Notes on circumconics and inconcs

These are some random notes on circumconics and inconics and duality.
We work exclusively in barycentrics. We use the following notation, some
of which is non-standard:

CP(U )is the circumconic with perspector U,
CC(U) is the circumconic with centre U.
IP(U )is the inconic with perspector U,
IC(U) is the inconic with centre U.
G(U) is the G-Ceva conjugate of U.
C(U) is the complement of U.
A(U) is the anticomplement of U.
TU) is the isotomic conjugate of U.
[f(a,b,c)] is the point with barycentrics f(a,b,c):f(b,c,a):f(c,a,b).

Thus,
G([f(a,b,c)]) = [f(a,b,c).(f(b,c,a)+f(b,c,a)-f(a,b,c))].
C([f(a,b,c)]) = [f(b,c,a)+f(b,c,a)].
A([f(a,b,c)]) = [f(b,c,a)+f(b,c,a)-f(a,b,c)].
T([f(a,b,c)]) = [1/f(a,b,c)].

We have some familiar results:
If a circumconic has perspector U, then it has centre G(U).
If a circumconic has centre U, then it has perspector G(U).
If a inconic has perspector U, then it has centre C(T(U)).
If a inconic has centre U, then it has perspector T(A(U)).

Suppose that U = u:v:w is a point, then
ux+vy+wz = 0 is the dual of U.
x/u+y/v+z/w = 0 is the tripolar of U.
Suppose that L : fx+gy+hz = 0 is a line, then
f:g:h is the dual of L.
1/f:1/g:1/h is the tripole of L.

The duals of the points of a conic C envelop a conic - the dual C' of C.
The duals of the tangents to a conic D constitute the dual D' of D. Then
for any conic E, E'' = E.

If the circumconic C has perspector U, then its dual C' is the inconic with
perspector T(U) and vice versa.

If U = u:v:w, then CP(U) has equation u/x+v/y+w/z = 0, so that CP(U) is
the isotomic conjugate ot the dual of U. Combining this with earlier results,
we see that the dual of IP(V) is the isotomic conjugate of the tripolar of V.

We use Clark Kimberling's notation for triangle centres. Thus, the incentre
is X(1), the centroid is X(2), and so on.

 Circumconic Dual inconic Name Centre Perspector Meets Steiner Name Centre Perspector Comment Steiner ellipse X(2) X(2) Steiner inellipse X(2) X(2) Circumcircle X(3) X(6) X(99) X(141) X(76) Feuerebach hyperbola X(11) X(650) Kiepert hyperbola X(115) X(523) X(671) Kiepert parabola X(523) X(99) focus X(110) Jerabeck hyperbola X(125) X(647) X(290)

 Inconic Dual circumconic Name Centre Perspector Comment Name Centre Perspector Meets Steiner Incircle X(1) X(7) X(8) X(190) Steiner inellipse X(2) X(2) Steiner ellipse X(2) X(2) Mabeath inconic X(5) X(264) foci X(3),X(4) X(6) X(3) K ellipse X(6) X(4) X(69) X(99) Mandart ellipse X(9) X(8) X(7) X(664) Brocard ellipse X(39) X(6) X(76) X(670) Simmons second inconic X(395) X(14) foci X(14),X(16) X(299) X(99) Simmons first inconic X(396) X(13) foci X(13),X(15) X(298) X(99) Yff parabola X(514) X(190) focus X(101) X(2),X(7) conic X(1086) X(514) X(903) Kiepert parabola X(523) X(99) focus X(110) Kiepert hyperbola X(115) X(523) X(671) Lemoine ellipse X(597) X(598) foci X(2),X(6) X(599) X(99)

a remarkable coincidence

Of the eleven named inconics, five have duals through X(99).
By duality, the inconics have a common tangent L, the dual of X(99).
This is the line through X(115) and X(125). The line is the tripolar of X(523).

We may add to the list the dual of the circumcircle as this contains X(99).

A result going back to Newton shows that the inconics touching L lie on
a line L* known as the Newton line for L. In general, if L has equation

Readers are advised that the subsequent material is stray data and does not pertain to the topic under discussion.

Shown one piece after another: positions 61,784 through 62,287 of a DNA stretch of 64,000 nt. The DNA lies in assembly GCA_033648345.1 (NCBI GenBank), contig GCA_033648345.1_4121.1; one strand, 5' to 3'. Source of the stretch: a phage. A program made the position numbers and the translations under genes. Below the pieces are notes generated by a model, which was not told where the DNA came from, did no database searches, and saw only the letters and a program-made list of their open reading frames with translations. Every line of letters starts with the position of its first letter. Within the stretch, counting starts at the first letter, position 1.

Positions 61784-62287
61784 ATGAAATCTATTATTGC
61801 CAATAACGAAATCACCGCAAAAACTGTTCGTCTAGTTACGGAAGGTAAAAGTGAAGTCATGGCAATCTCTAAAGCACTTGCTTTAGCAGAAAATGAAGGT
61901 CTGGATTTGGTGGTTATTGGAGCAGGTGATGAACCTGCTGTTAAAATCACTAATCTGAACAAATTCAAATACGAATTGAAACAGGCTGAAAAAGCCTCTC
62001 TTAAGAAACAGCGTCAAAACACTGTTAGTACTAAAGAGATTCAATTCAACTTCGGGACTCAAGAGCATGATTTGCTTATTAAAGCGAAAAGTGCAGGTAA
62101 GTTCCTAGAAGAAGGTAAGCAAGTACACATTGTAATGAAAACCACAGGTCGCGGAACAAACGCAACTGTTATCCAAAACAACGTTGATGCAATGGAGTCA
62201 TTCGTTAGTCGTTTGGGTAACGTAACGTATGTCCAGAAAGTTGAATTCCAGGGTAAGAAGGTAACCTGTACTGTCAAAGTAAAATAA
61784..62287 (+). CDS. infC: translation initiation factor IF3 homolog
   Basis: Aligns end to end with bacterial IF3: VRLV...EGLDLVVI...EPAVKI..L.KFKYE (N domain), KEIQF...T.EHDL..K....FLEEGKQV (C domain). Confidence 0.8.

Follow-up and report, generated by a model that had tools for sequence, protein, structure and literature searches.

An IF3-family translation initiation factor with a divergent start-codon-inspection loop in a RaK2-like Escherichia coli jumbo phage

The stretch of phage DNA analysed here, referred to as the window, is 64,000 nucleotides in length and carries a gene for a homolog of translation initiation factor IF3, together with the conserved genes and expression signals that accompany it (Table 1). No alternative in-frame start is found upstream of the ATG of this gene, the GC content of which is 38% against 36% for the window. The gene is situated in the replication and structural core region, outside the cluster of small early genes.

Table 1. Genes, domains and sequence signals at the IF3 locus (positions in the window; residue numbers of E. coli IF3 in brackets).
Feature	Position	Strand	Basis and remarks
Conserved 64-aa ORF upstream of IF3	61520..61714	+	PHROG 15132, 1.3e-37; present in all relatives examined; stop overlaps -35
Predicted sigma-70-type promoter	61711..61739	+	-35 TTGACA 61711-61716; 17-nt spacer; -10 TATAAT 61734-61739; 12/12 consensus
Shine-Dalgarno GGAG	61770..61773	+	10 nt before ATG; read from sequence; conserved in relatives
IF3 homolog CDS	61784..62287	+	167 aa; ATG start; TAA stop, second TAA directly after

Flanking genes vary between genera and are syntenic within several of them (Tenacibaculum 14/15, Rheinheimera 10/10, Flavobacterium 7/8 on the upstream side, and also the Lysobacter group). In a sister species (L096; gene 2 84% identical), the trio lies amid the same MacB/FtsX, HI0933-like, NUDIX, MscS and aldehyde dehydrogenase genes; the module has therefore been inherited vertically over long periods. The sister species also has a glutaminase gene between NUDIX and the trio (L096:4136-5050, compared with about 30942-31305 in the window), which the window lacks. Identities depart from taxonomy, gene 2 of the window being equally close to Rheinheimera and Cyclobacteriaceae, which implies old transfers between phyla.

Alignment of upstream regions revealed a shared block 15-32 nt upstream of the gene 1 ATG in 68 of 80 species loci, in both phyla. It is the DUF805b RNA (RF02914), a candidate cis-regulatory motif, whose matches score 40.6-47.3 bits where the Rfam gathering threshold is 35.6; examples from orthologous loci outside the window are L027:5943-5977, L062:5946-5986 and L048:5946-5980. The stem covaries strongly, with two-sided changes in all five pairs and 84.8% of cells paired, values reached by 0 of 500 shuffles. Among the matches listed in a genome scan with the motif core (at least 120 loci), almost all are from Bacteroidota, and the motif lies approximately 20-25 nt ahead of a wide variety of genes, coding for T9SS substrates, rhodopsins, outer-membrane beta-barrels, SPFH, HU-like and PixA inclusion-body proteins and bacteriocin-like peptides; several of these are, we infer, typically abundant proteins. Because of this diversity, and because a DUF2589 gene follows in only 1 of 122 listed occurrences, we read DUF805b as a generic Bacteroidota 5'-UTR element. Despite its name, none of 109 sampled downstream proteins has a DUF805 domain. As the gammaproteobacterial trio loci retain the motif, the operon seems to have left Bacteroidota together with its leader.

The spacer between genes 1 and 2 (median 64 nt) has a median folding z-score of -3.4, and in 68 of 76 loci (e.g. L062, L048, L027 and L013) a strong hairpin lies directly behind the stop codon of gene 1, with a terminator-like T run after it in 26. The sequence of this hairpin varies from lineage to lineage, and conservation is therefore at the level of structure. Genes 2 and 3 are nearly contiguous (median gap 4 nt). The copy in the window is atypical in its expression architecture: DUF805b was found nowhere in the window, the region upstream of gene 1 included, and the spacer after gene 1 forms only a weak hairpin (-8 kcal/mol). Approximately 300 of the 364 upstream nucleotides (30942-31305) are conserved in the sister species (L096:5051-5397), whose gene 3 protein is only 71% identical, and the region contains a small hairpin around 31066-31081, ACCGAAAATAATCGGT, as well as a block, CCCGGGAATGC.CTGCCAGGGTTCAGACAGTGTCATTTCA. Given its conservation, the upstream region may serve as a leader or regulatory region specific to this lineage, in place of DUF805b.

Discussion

fx+gy+hz = 0, then L* has equation Fx+Gy+Hz = 0, where [F] = A(T([f])).

Here the situation is particularly simple. When [f] is on the Steiner ellipse,
so T([f]) is at infinity, and then [F] = T([f]). Here, [f] = X(99), so the Newton
line is the tripolar of X(99). This is the line though X(2) and X(6). This comes
directly from the fact that the list includes the Steiner inellipse and the K ellipse.

We can also locate the perspectors of these inconics. Since the dual circumconics
pass through X(99), the perspectors of the circumconics must lie on the tripolar
of X(99). The perspectors of the inconics are the isotomic conjugates of these
must lie on the isotomic conjugate of this tripolar. Thus the perspectors lie on
the circumconic with perspector X(523], the Kiepert hyperbola.

The line L* has 61 named centres, so we could extend our list of inconics which
touch L.

The family of inconics includes one parabola P. This must have centre at infinity
and perspector on the Steiner ellipse. Thus, P has centre X(524) and perspector
X(671).

It must also contain the inconic with L as asymptote. By other results, this has as
its centre X(1648), the tripolar centroid of X(523). We could also see this as the
intersection of L and L*. The list ETC shows that X(1641) - the tripolar centroid
of X(99) - lies on L*, so is the centre of one of the inconics.

Note that the mid-point of X(1641) and X(1648) is X(2).

L touches the Steiner inellipse at X(115), the K ellipse at X(125).

Concentric circumconic and inconic.

The centre and perspector are G-Ceva conjugates, so we might expect geometrical relations.
The following results can be verified algebraically, but the result is purely geometric.

Suppose U = u:v:w, so that, in an obvious notation, G(U) = [u(v+w-u)].

1. The circumconics C, D with centres and perspectors U and G(U) meet at P = [u/(v-w)].
2. The mid-point of U and G(U) is Q = [u(uv+uw+2vw-u2)].
3. The centroid X(2) lies on PQ.

( Let E, F be the inconics with centres U and G(U).

3. The perspectors are [1/(v+w-u)] and [v+w-u], respectively
4. The inconics E, F meet at R = [(v+w-u)(v-w)2].
5. The point R lies on PQ.

examples.

U = X(1), so that G(U) = X(9). Then P = X(100), Q = X(1001), R = X(11).
The inconics are the Mandart ellipse and the Incircle.

U = X(3), so that G(U) = X(6). Then P = X(110), Q = X(182), R = X(125).
The conics include the Circumcircle and the K ellipse.